Admit it; you’ve faked sickness, too, before. Your mom was pushing you out of bed when it was rainy and cold outside. All you wanted to do was to sink into your bed further, but she was pulling your arms so that you could have your breakfast and go to school. Ugh, school, right? We all hated school when we were kids. If not for playtime, we would have never set foot in that school ever again. And schoolwork? We hated that even more.
So what a kid gets to do when all they want is to sleep all-day (and maybe play later in the afternoon)? Why, avoid school altogether by faking a sickness, of course. So you have told your parents—at least once—that your tummy aches or that you have a headache. Your mom lets go and calls your teacher, believing that little white lie all because you couldn’t push yourself out of bed. Now that you’re a parent, you have to ask yourself: “Is my kid faking sickness, too, like I did?”
It’s hard to fake colds because there’s a physical manifestation of having a cold. Still, some kids will opt for that route since all they have to do is sneeze occasionally and try to sniffle. How do you know that your kids truly have colds? Well, if it happens too often, and they have respiratory problems, then that cold may be a symptom of something else. If it is happening regularly, find out what is triggering their colds. Most homes have old heating and cooling systems. It might be time to replace your air conditioner if it’s too old, dirty, and malfunctioning. Who knows what dirt and molds it carries and spreads around?
A red nose and watery eyes are signs of a cold. If your kids look in the pink of health, then you are being duped. Don’t get fooled by sniffles. Ask them to blow their noses on a napkin and see if something comes out.
It is easy to fake a headache because no one can see what’s causing it. There is no device to tell if you’re having a headache or even how painful it is. Don’t worry, though. It is easy to tell when your kids are faking it or suffering from a headache. If they are closing their eyes and unwilling to play, then they might be suffering from migraine. It could be something about their eyesight, too. If your kids are already having difficulty eating, walking, or talking because of the headache, it’s time to bring them to the emergency room.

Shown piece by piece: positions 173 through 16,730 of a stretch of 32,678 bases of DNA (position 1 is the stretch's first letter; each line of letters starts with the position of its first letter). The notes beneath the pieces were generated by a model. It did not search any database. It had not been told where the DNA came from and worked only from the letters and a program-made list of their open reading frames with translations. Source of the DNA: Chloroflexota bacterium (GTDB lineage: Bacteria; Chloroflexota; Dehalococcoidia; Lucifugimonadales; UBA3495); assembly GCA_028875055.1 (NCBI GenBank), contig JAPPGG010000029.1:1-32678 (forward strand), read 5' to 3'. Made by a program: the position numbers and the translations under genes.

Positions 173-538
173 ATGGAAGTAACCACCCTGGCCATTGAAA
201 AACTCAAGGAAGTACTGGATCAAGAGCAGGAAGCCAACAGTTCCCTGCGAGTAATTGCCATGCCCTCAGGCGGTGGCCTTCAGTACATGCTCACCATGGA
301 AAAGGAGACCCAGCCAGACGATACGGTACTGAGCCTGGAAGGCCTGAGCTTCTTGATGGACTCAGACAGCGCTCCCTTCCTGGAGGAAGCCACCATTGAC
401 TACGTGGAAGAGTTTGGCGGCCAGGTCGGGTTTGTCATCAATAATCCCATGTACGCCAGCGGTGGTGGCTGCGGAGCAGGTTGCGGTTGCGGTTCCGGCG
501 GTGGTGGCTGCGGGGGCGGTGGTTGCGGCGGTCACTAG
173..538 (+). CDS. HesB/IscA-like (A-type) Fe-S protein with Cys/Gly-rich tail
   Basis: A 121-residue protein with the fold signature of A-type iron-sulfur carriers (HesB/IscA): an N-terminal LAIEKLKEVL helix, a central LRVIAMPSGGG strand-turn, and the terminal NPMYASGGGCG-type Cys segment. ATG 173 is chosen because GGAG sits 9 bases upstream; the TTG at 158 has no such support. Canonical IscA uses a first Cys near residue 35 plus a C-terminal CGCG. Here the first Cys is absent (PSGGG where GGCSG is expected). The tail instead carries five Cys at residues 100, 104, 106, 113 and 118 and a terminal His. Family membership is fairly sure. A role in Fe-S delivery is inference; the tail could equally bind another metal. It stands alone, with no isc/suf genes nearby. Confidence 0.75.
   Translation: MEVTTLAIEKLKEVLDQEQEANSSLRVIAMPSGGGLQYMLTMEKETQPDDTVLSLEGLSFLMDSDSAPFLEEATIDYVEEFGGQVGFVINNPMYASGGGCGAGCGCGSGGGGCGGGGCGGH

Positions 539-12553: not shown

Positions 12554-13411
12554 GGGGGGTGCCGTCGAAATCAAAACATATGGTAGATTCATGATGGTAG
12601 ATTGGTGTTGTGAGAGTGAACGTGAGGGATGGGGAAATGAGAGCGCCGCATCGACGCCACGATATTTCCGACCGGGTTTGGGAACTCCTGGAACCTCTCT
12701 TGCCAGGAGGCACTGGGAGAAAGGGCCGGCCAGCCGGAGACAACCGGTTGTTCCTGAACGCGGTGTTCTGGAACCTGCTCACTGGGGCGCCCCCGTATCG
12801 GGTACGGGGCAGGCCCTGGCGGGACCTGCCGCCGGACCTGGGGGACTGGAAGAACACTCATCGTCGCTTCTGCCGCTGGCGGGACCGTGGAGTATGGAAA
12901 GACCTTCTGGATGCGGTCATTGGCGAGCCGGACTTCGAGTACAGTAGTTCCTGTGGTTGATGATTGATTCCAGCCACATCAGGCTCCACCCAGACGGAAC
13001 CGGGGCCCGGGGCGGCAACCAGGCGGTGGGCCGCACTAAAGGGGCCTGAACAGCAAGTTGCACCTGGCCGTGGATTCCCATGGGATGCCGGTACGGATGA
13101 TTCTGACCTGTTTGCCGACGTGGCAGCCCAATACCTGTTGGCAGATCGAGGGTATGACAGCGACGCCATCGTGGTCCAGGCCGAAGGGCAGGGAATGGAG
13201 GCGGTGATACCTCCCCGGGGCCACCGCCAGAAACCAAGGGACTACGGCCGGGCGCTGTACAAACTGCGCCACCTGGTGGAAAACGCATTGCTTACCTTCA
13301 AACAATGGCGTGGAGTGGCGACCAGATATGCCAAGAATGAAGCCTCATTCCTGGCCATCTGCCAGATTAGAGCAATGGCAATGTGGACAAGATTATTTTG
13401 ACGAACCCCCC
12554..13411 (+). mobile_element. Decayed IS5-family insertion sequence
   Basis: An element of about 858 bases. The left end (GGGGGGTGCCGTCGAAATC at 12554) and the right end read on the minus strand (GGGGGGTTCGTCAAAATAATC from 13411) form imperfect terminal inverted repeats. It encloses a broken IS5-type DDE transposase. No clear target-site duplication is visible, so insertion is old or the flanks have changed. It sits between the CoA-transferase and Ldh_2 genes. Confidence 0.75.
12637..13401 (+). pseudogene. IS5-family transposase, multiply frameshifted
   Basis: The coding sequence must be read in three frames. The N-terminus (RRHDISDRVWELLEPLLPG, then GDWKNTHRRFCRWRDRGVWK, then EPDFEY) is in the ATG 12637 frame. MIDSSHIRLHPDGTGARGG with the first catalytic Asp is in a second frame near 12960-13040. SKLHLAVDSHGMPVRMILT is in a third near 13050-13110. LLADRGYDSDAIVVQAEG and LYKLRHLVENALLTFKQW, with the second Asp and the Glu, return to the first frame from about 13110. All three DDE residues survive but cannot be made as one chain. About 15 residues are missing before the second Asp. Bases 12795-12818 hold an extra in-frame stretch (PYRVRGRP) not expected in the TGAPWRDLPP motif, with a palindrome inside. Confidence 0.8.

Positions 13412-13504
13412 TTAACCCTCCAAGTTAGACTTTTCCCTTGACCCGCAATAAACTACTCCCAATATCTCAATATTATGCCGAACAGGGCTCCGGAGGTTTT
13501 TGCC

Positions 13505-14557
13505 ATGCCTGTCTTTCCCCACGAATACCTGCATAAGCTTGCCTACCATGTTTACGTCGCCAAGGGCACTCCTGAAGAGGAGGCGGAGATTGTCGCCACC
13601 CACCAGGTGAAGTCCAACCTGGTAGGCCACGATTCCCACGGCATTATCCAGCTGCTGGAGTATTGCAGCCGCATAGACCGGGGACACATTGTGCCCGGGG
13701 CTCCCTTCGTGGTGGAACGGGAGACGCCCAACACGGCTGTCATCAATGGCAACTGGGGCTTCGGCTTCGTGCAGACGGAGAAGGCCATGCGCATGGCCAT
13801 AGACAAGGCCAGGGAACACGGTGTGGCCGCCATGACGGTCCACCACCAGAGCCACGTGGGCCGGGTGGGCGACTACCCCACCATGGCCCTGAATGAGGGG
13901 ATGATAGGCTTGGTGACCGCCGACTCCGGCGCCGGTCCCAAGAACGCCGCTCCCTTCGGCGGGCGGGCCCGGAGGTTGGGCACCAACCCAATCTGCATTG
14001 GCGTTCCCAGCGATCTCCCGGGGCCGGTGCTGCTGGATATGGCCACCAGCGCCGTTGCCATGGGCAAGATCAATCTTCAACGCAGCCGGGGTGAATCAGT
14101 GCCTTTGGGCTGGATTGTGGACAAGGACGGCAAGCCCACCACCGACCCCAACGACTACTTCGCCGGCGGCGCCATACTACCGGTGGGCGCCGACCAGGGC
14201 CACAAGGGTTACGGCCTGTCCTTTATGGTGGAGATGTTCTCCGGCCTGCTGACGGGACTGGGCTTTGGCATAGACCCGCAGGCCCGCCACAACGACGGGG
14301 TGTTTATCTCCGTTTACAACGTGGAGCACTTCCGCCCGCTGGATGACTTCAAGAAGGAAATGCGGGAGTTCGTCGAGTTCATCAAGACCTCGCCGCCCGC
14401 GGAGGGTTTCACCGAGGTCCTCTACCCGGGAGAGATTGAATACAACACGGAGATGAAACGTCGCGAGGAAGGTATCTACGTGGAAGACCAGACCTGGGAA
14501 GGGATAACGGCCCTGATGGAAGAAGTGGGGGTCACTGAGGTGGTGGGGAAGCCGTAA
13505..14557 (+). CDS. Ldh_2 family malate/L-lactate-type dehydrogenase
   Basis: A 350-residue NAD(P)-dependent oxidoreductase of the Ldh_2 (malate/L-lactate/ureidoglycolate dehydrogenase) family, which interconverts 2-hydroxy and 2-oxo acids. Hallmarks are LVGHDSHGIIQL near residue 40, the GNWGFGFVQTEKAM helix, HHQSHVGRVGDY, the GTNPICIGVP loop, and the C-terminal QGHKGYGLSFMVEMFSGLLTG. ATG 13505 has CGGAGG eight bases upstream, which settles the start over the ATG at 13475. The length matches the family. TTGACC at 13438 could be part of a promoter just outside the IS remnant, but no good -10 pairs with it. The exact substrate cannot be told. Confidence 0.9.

For most kids, headaches are mild that can go away in a few minutes. If they can still watch television and laugh, then they are fine enough to go to school. Tell them you’re going to take them to the doctor, so you can see them heal miraculously. They’ll be okay going to school then.
Once in a while, it is normal for kids to have a stomachache because they ate too many sweets or they’ve played immediately after eating. But stomachache that comes with fever, vomiting, nausea, and diarrhea should never be taken lightly. You have to immediately take them to the doctor or the emergency room lest they get dehydrated. It’s easy to see if your kids are faking a tummy ache since kids with the stomach bug will have cold, clammy skin and constricted pupils. Plus, they won’t have an appetite even for their favorite food. If your kids are still eating breakfast and playing, then they’re fine enough to go to school or do their homework.
Kids know that a thermometer can measure their actual temperature, so they sometimes eat or drink hot food to spike up their temperature. The good thing is that since you’re an adult, you should be smarter than your kids. If you think they just ate hot food, wait for a few minutes before taking their temperature. If they also just played and looked winded, have them rest for 20 minutes before putting the thermometer on their skin or in their mouth.
These days, having a fever is alarming because of the coronavirus. Your kids may not even take this route since they know what’s been going on. If your kids have a fever (even a low-grade one), don’t push them to go to school since feverish kids can’t focus on learning anyway. They should take a rest.
It’s easy to spot if your kids are faking illness. Remember that as an adult, you are smarter and way more creative than them. If they can eat, play, and watch TV, they’re good enough for school. But if you notice them not doing their usual activities, then let them rest for now.